For monitoring and optimization of test coverage across 15 languages, a dedicated execution calendar was followed. Based on the calendar, different automation test plans were executed on various locales/platform combinations on a daily basis. Daily smoke test for build validation were executed, followed by dedicated full feature test pass on the weekends. The execution was pre-scheduled and the test coverage was distributed across locales for optimal results given the time and machine constraints.

Accomplishments & Learnings


In the Creative Cloud (CC) release, we benefitted from having automated test passes on localized builds across 15 languages:

  • Overall test coverage efficiency improved four folds compared to manual test execution 
  • Quick sanity test for acceptance of localization build before passing the build to vendor partners  increased efficiency
  • Achieved quick turnaround time for basic feature testing by automation scripts
  • Parallel certification on multiple builds (Patch and Main line builds)
  • More focus on new features development part of the current sprint by the localization functional testers
  • Prerelease build certification completely through automation
  • Built blueprint and Code Sign verification through automation on all locales in 2 hours compared to 32 hours of manual verification


  • Support from the core team: It is essential to have the automation blessed from the English team for optimal support. In case of Dreamweaver, we got immense support from the team, especially from Kiran Patil (Quality Manager) and Arun Kaza (Sr. Quality Lead) for driving the automation efforts on localized builds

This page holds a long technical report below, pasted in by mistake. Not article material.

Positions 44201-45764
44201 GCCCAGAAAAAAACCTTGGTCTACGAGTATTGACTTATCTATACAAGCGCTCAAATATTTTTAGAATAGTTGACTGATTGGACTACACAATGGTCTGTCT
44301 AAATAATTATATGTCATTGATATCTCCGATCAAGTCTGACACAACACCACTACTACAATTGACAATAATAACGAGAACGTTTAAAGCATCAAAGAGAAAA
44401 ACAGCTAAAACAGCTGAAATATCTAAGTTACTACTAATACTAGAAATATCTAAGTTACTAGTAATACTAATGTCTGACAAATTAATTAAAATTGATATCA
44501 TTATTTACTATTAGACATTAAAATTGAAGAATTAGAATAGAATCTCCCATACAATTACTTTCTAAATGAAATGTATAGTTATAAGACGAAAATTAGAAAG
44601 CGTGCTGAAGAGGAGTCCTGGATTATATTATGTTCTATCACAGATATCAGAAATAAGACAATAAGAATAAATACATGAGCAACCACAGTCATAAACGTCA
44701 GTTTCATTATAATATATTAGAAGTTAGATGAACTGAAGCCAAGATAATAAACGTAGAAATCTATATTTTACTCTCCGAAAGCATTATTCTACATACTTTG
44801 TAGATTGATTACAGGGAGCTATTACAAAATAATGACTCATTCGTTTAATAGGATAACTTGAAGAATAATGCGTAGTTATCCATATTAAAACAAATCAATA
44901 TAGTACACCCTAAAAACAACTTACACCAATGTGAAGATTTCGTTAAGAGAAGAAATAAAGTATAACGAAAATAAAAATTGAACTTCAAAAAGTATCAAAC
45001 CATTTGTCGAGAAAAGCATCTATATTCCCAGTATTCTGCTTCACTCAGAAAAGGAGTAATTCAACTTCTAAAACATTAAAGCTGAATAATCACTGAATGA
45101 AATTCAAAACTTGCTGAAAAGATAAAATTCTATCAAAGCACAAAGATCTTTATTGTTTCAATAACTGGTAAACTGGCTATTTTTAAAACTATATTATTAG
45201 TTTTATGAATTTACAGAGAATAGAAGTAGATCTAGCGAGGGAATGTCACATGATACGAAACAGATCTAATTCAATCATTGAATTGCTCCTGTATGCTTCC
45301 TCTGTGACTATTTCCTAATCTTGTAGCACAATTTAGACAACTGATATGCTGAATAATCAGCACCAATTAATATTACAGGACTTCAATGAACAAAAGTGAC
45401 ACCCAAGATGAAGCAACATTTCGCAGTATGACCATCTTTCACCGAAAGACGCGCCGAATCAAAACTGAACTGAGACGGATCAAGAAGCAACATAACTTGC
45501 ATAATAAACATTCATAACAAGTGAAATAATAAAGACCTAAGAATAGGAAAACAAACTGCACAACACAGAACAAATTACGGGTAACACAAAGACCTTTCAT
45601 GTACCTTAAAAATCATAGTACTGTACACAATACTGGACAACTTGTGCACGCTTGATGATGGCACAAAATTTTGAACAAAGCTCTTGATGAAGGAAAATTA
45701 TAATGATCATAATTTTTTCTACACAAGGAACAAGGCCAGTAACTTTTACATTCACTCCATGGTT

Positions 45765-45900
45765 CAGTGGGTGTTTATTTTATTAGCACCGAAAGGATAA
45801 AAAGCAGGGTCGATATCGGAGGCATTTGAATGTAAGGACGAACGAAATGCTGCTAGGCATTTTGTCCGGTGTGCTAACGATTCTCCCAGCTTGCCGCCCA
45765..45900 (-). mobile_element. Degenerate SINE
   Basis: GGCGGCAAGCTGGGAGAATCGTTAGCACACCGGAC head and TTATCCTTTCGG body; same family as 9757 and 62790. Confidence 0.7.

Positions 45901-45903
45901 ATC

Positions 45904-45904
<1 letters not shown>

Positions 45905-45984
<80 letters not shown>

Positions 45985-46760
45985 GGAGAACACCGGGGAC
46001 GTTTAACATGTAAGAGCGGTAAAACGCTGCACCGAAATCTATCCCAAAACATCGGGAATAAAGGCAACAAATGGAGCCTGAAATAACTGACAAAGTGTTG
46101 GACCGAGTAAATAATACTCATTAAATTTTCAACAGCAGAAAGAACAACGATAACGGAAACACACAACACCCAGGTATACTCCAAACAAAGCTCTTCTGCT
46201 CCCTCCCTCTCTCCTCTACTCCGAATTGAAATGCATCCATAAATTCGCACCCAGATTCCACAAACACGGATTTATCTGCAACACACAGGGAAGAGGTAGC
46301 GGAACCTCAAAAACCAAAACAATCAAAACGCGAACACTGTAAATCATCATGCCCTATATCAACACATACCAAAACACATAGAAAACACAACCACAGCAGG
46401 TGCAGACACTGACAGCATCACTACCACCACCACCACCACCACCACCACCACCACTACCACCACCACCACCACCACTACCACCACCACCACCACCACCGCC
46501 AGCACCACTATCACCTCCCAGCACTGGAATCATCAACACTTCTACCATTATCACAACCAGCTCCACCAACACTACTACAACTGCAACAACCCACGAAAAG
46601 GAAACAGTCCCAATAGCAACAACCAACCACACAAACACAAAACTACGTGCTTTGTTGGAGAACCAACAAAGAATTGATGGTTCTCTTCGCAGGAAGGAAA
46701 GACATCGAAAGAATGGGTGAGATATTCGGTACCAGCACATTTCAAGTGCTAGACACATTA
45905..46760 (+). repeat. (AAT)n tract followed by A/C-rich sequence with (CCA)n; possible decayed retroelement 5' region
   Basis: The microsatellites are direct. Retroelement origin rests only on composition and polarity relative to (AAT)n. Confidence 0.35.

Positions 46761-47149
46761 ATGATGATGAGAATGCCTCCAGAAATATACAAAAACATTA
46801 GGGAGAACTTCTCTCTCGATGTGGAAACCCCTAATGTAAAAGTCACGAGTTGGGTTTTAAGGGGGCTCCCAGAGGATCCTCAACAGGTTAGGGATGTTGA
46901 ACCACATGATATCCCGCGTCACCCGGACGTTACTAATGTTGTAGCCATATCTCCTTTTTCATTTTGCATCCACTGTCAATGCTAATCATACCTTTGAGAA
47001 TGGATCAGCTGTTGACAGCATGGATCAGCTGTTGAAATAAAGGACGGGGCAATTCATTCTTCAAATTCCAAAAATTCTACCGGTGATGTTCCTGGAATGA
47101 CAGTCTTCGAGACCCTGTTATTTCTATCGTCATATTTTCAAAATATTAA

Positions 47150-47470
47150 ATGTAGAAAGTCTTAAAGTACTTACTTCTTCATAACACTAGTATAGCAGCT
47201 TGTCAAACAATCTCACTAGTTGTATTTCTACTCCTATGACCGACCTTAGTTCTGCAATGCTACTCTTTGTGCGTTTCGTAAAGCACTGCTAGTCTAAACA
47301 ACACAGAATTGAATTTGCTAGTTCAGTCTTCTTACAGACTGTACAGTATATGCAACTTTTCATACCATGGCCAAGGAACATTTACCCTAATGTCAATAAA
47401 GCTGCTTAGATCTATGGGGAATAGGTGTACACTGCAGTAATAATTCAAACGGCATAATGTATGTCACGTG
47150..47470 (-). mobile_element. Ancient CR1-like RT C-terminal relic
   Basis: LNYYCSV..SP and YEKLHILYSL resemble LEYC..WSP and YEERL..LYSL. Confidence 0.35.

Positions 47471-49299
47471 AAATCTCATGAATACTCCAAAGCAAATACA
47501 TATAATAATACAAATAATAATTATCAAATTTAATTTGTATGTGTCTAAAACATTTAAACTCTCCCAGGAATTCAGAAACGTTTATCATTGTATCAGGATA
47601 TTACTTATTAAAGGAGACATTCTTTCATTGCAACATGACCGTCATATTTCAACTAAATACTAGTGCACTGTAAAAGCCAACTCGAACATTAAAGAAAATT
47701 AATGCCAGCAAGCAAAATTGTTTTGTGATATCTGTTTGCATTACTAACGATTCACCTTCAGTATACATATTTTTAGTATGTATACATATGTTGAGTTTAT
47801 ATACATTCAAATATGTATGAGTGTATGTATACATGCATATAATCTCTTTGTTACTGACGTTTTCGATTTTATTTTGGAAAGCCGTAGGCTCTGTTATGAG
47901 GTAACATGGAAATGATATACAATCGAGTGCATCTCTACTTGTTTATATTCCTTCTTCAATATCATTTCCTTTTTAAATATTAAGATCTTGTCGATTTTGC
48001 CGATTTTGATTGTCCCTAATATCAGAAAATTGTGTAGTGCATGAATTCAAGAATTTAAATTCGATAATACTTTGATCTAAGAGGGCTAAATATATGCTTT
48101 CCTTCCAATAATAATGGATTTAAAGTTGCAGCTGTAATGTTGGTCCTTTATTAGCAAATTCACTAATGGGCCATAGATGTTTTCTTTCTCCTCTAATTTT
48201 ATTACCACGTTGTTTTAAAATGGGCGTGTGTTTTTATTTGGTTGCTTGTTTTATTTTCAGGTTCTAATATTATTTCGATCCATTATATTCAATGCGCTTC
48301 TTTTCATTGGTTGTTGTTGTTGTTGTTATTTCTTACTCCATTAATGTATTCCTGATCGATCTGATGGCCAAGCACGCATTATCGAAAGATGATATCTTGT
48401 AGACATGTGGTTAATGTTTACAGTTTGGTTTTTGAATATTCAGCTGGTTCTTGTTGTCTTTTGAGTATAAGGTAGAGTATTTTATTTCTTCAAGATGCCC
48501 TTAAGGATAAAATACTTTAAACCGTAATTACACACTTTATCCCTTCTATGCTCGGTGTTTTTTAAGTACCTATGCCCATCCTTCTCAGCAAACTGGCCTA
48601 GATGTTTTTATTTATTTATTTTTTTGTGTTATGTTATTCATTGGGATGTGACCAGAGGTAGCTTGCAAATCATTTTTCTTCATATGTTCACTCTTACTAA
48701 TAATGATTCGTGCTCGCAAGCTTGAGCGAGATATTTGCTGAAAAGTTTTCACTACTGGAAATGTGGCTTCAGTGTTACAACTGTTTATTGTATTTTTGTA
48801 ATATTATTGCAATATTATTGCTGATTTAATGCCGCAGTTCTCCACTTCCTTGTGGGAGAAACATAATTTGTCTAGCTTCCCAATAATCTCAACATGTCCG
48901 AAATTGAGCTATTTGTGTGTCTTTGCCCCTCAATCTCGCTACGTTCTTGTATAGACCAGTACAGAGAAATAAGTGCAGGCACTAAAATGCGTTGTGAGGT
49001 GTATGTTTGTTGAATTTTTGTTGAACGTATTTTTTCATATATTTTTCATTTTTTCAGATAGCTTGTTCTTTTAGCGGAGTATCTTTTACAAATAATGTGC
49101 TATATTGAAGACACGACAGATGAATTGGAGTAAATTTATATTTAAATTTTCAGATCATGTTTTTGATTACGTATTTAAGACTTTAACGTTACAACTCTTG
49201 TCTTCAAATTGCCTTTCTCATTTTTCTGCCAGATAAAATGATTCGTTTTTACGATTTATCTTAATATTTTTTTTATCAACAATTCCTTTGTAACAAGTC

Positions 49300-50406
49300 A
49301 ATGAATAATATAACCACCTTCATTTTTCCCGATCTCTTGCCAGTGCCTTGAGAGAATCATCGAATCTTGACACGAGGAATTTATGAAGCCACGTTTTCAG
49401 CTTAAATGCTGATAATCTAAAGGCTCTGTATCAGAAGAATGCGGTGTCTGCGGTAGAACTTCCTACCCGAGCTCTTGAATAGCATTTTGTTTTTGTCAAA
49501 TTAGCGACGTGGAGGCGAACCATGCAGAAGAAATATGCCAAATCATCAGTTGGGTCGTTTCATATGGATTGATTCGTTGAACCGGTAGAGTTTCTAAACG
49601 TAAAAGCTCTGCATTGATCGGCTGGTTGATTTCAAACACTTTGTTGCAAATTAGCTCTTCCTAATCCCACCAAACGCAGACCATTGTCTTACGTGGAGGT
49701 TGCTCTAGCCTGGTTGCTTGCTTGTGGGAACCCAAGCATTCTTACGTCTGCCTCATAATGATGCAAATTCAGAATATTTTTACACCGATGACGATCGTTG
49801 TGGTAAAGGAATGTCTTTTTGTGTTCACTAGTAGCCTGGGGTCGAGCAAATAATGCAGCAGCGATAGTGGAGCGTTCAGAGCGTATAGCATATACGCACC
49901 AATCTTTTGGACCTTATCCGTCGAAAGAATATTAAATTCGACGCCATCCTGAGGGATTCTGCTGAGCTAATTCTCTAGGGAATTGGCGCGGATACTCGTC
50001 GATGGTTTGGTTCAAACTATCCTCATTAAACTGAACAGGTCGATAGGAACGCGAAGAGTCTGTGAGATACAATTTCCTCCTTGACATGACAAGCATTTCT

• Pilot on automation framework for one Tier 1/double-byte/Cyrillic locales to ensure the framework was robust and would support automation on most of the locales
  • Always document the issues /challenges you face during setting up automation, they always act as a reference point later
  • Ensure core scripts are independent of English strings. In Dreamweaver, updating the legacy automation scripts to make these scripts run on localization was a big challenge, as automation scripts were failing at string comparisons. Aishvarya Suhane (Localization Automation QE) was a great help for writing functions in automation framework and creating a few new scripts for resolving localization-specific issues.

Cheetahs in the world of localization …

Special thanks to Guta Ribeiro for inspiring & mentoring me to write my first Blog & Rakesh Lal for his support.

Multilingual Content Intelligence SIG meeting summary

The 3rd Multilingual content special interest group meetup is around AEM multilingual DAM. About half of the community implemented AEM DAM. But DAM is a popular topic in that people are already asking about best practices around organizing, localizing and searching global assets. So this SIG is gearing towards addressing the need for those who want to know why DAM is needed and how other people are using it, as well as for those who implemented DAM but not sure if the way they use it is the best way. It also turned out to be very useful for our technology partners who are looking for customer use cases to develop DAM connectors. AEM customers from Intel, Xlinx, SAP, SuccessFactors, Sas Institute, Paypal attended, along with partners from Cloudwords, TDC, ClayTablet, etc.